Civil society mobilizations at the 12th Ministerial Conference of the World Trade Organization (WTO) in Geneva continued for the fourth day in a row as the global peasant movement warned against the impacts of WTO’s agricultural agenda on their livelihoods. Peasants warned that rich countries persist in pushing content that undermines small-scale food production and food sovereignty, further amplifying the impact of the current global food crisis.
“The food crisis that is currently hitting the world is further proof that free trade – far from bringing about food security – is making people starve”, said La Via Campesina in a recent press release.
As part of the meeting’s agricultural agenda, trade delegates are discussing public stockholding of food and the space for members to limit imports to control price volatility, among other things. In case rich countries are able to advance their plans to further liberalize the agriculture and fishing sectors, this would have a disproportionate effect on people in the Global South, where small-scale farmers’ and fisherfolks’ livelihoods have already been eroded by the takeover of transnational companies (TNCs).
WTO agricultural policies disrupt peasants’ livelihoods
Ever since the creation of the WTO, the organization has promoted liberalization of agriculture, meaning that countries were strongly discouraged or banned from prioritizing local production of food by e.g. subsidizing local small-scale production. Rich countries continue to perceive these measures as “disruptive to the market,” and therefore strongly oppose them whenever they reach the negotiating table.
Instead, it was the lives of thousands of people across the Global South that got disrupted because of the WTO policies. Activists from Africa, Asia, and Latin America described decades of working in an agricultural system which is completely subordinated to the interests of TNCs during a press conference organized by La Via Campesina. “Asian countries are basically under attack by TNCs. They are exploited for cheap labor and placement of machinery,” said Jeongyeol Kim from the Korean Women Peasants’ Association.
Her feeling was echoed by many other activists. Speaking at a press conference by Focus on the Global South shortly after the launch of the Ministerial Conference, Farooq Tariq from the Pakistan Kissan Rabita Committee said, “WTO and free trade agreements promote hunger. We are seeing many more poor people in the world because of this. In Pakistan, 20 million people have fallen into poverty over the past 2 years alone.”
Pablo Rosales from PANGISDA-Pilipinas said during the same conference that thanks to WTO’s work, “those who create food are going hungry.” With this he underlined the fact that current international trade regulation and agreements work to the benefit of large-scale industrial producers and TNCs, while small-scale farmers and fisherfolk are left far, far behind.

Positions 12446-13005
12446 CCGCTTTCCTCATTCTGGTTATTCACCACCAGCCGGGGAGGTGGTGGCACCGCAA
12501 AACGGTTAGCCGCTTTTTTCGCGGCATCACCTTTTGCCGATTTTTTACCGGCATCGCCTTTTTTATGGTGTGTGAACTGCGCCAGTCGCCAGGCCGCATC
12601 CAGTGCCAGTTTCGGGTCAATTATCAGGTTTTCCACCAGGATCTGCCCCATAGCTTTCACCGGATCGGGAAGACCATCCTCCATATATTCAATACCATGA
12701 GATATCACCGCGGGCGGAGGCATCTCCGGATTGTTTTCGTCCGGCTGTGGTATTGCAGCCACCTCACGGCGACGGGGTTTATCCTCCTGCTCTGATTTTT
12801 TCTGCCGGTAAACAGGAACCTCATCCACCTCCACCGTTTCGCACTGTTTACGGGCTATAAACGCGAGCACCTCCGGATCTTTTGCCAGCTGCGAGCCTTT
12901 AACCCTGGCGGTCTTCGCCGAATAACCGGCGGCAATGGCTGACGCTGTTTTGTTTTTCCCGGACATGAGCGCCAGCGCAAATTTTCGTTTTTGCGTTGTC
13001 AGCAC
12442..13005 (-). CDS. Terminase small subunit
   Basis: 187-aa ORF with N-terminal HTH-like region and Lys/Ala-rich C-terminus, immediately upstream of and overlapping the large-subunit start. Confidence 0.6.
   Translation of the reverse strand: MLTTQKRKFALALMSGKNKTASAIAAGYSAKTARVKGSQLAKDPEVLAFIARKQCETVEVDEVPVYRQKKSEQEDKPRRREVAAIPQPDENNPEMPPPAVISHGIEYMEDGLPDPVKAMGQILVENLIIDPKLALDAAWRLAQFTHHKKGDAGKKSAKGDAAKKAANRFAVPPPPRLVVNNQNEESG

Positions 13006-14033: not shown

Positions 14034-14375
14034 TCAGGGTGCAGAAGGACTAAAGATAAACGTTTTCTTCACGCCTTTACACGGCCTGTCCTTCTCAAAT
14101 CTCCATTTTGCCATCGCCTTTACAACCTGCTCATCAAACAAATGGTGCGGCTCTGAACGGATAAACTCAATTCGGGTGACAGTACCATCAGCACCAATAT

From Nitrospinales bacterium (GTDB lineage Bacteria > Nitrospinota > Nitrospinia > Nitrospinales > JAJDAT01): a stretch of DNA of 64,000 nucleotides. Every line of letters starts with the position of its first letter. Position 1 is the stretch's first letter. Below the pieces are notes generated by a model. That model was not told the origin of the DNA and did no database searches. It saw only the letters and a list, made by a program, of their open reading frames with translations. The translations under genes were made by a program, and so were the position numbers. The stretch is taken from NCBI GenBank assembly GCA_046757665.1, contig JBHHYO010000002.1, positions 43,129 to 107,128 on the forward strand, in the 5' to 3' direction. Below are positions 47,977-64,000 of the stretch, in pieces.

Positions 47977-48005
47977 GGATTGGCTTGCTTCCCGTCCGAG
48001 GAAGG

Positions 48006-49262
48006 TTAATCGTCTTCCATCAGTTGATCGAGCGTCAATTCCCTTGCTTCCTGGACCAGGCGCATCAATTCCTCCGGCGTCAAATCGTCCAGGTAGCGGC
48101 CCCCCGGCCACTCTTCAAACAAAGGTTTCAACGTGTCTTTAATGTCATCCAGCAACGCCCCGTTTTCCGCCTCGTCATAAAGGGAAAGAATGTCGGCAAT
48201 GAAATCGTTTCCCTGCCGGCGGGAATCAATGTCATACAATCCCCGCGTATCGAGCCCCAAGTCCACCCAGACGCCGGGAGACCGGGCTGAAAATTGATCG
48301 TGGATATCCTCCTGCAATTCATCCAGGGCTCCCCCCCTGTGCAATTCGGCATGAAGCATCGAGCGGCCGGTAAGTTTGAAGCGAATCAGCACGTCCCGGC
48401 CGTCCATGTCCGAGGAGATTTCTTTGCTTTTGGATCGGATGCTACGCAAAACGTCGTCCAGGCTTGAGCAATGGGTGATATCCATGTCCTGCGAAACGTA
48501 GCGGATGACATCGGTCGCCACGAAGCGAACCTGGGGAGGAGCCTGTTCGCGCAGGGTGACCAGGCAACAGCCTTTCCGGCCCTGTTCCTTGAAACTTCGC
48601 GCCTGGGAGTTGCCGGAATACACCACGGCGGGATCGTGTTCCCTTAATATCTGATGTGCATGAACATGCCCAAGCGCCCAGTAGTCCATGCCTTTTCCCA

A failed project
In the case where governments do introduce “market-disrupting” measures to alleviate local hardship – as many have done during the COVID-19 pandemic by relying on public stockholding programs to enable access to subsidized food or support small-scale farmers – they are often threatened with retaliation by TNCs, aided by high-income countries. The fact that the blocking of such policies is sure to have a disastrous effect on marginalized communities and further weaken local food production remains of no concern for rich WTO members, however.
“They don’t care about that, they only care about squeezing profit from former colonized states. Countries should be able to create their own food and agriculture policy. WTO is leaving it all in the hands of TNCs”, said Tariq.
In the lead up to the Ministerial Conference, countries from the Global South submitted proposals which would enable them to do more when local agriculture policies are concerned, including India when it comes to public stockholding. Yet, considering that they had raised the issues on several previous occasions to no avail, it remains to be seen if this Ministerial Conference will lead to any concrete results.
Despite opposition by rich countries in all negotiation rounds, it seems that countries from the Global South are resisting the attempt to scrap their agenda. If they persist in doing so, and no consensus is reached, it could well be that this ministerial meeting meets a similar outcome as the WTO’s 11th Ministerial Conference, which led to no concrete result at all. According to trade justice activists, this would be yet another sign of the WTO’s incapacity to act.
“WTO is in a comatose state. High-income countries are desperate for some kind of outcome to prove the organization is not yet dead,” said Walden Bello, Senior Analyst at Focus on the Global South, at the press conference.
As in support of the presumption that the meeting might not be going too well, the WTO Secretariat announced that the conference would be extended until 16 June, calling on members to “go the extra mile to find convergence on the various issues at stake” – code for no agreement being reached. While the possibility of some agenda points being finalized remains, it should not be taken as likely.
For peasant activists, moving agriculture out of the WTO has always been a priority, and has now taken a sense of renewed urgency.
“The WTO is a failed project. Our global peasant movement calls on all States, especially those in the South, to leave the WTO immediately. We must create a new international framework for agriculture and trade based on food sovereignty,” said Morgan Ody, a peasant in Brittany, France, and general coordinator of La Via Campesina, on behalf of the global peasant movement.